ERCP is a medical procedure that is used to diagnose and sometimes treat certain issues occurring within the bile or pancreatic ducts, particularly blockages or restrictions. If an ERCP is performed only to determine the cause of the issue, it is considered a diagnostic ERCP.
ERCP for Diagnosis
During a diagnostic ERCP, the physician will insert a lighted endoscope into the patient’s mouth. This is then carefully moved through their esophagus, stomach, and into the opening of the small intestine. When the opening is reached that is common to both the biliary ducts and pancreatic ducts, a tube is inserted into the center of the endoscope.
A dye, known as a contrast medium, is ran thought the tube. X-rays are then taken. The contrast medium helps to highlight the areas of interest, and may alert the physician of a blockage or other issue that would not have been visible otherwise. A modern endoscope is also fitted with video equipment, giving the physician another means of diagnosis.
Diagnostic ERCP Symptoms
A doctor may recommend a diagnostic ERCP to find the root cause of certain symptoms or health conditions, such as:
- Suspected bile or pancreatic duct damage
- Tumors or masses visible on CT Scan
- Confirmation of cancers in effected organs
- Suspected dysfunction of certain sphincters
- Gallstones appearing on ultrasonography
In the past, pancreatic tumors were considered a cause for diagnostic ERCP. However, endoscopic ultrasound is now considered a safer and more effective diagnostic tool for this condition. If it is suspected that pancreatic tumors are causing a blockage of the duct, ERCP may be recommended in order to correct the condition, but typically not just for diagnostic purposes.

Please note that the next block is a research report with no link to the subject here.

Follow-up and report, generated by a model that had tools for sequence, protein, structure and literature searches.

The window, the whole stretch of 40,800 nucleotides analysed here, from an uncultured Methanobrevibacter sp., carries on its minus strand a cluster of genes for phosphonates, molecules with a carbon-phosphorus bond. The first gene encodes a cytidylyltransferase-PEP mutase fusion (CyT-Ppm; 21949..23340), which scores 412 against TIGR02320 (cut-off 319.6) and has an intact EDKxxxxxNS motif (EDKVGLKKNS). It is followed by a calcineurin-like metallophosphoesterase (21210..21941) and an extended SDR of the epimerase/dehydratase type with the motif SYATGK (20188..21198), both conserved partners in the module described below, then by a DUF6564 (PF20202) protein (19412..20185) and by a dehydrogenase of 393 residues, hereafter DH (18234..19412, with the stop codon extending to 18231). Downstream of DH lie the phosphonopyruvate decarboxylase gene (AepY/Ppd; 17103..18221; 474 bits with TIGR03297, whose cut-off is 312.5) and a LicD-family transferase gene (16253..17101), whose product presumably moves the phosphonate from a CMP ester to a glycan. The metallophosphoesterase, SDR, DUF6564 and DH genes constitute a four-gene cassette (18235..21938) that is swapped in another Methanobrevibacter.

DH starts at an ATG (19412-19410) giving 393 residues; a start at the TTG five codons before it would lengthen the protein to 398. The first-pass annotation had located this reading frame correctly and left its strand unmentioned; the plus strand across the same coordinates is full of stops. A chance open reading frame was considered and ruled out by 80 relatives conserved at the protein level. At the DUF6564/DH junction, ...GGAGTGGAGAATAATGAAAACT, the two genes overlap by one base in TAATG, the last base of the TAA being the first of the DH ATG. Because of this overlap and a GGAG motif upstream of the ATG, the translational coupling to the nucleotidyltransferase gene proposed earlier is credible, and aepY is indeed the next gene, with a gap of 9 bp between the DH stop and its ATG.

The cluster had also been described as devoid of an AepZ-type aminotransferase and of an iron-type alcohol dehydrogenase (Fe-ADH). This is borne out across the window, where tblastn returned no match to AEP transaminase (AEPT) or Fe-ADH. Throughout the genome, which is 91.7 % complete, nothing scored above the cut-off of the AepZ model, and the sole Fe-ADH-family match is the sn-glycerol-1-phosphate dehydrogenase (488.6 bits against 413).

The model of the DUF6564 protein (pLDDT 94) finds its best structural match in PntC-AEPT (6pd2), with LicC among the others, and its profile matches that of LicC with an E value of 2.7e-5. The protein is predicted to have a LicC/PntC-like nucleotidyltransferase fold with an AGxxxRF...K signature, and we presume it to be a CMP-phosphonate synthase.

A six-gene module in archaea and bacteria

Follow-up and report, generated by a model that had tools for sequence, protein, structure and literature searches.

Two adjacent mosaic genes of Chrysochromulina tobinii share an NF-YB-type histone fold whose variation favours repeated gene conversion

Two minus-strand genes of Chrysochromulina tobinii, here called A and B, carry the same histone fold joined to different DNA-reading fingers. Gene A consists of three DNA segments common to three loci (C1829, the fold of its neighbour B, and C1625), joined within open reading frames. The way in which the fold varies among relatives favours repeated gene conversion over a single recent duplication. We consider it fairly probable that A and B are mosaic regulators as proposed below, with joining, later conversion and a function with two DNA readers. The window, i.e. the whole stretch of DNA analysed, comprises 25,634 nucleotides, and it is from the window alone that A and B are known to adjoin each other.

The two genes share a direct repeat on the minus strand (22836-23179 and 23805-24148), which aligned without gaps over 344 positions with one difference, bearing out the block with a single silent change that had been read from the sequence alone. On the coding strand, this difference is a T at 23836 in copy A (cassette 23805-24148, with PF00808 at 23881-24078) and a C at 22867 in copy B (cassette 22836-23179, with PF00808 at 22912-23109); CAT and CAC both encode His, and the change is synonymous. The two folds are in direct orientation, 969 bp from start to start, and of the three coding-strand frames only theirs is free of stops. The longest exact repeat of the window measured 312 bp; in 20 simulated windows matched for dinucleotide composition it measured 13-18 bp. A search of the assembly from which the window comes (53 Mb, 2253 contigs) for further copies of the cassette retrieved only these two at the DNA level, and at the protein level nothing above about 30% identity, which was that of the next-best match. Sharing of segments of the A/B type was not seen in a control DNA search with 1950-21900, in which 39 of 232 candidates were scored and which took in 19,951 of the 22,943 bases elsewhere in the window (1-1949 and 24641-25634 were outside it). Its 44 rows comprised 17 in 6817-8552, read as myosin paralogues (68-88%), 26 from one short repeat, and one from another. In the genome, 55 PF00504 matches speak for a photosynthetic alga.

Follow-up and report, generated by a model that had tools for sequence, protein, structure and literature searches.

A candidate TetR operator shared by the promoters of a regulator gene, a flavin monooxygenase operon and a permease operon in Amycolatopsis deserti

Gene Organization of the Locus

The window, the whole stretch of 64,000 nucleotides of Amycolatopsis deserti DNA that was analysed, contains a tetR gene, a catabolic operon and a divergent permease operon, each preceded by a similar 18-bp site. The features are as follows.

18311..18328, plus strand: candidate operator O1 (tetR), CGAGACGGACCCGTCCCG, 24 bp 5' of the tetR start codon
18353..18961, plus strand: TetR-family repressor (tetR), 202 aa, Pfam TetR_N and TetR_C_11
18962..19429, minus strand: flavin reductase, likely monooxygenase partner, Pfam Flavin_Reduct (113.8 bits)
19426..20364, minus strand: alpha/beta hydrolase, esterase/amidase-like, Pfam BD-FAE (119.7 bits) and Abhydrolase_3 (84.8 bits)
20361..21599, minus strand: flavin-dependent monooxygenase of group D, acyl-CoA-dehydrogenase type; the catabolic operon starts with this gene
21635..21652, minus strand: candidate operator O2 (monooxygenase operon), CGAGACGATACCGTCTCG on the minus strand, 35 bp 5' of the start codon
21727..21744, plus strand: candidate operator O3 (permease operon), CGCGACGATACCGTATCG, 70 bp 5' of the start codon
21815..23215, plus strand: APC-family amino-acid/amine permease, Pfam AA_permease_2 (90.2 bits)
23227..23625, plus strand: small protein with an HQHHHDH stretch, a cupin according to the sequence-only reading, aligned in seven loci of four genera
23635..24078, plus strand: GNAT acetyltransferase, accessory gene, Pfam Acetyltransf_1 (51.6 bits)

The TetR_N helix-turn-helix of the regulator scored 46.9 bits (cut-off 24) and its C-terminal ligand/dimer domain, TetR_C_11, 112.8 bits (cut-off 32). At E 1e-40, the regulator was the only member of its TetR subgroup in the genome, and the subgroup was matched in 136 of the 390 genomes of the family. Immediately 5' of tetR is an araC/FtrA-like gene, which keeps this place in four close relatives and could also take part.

Effective ERCP Cases
When considering medical treatments, an ERCP is less invasive than many abdominal procedures. However, when used for biliary diagnosis, an ERCP is considered an invasive and high risk diagnostic procedure. For this reason, ERCP procedures are primarily meant for patients with biliary conditions that can be treated immediately after diagnosis. This means that the ERCP doctor should have good reason to believe the patient’s medical condition can be diagnosed and treated during the same procedure. If the ERCP doctor does not think this is likely, then an ERCP procedure might not be worth the risk.
Diagnostic ERCP Alternatives
Magnetic resonance cholangiopancreatography, or MRCP, is considered a safer alternative to diagnostic ERCP. An MRCP is a type of MRI specifically focused on the bile and pancreatic ducts. There are mixed reviews on whether it is as effective in diagnosing the cause of blockages and restrictions as ERCP. Ultrasounds and CT scans may also be used, especially as a first step in diagnosing abdominal problems.
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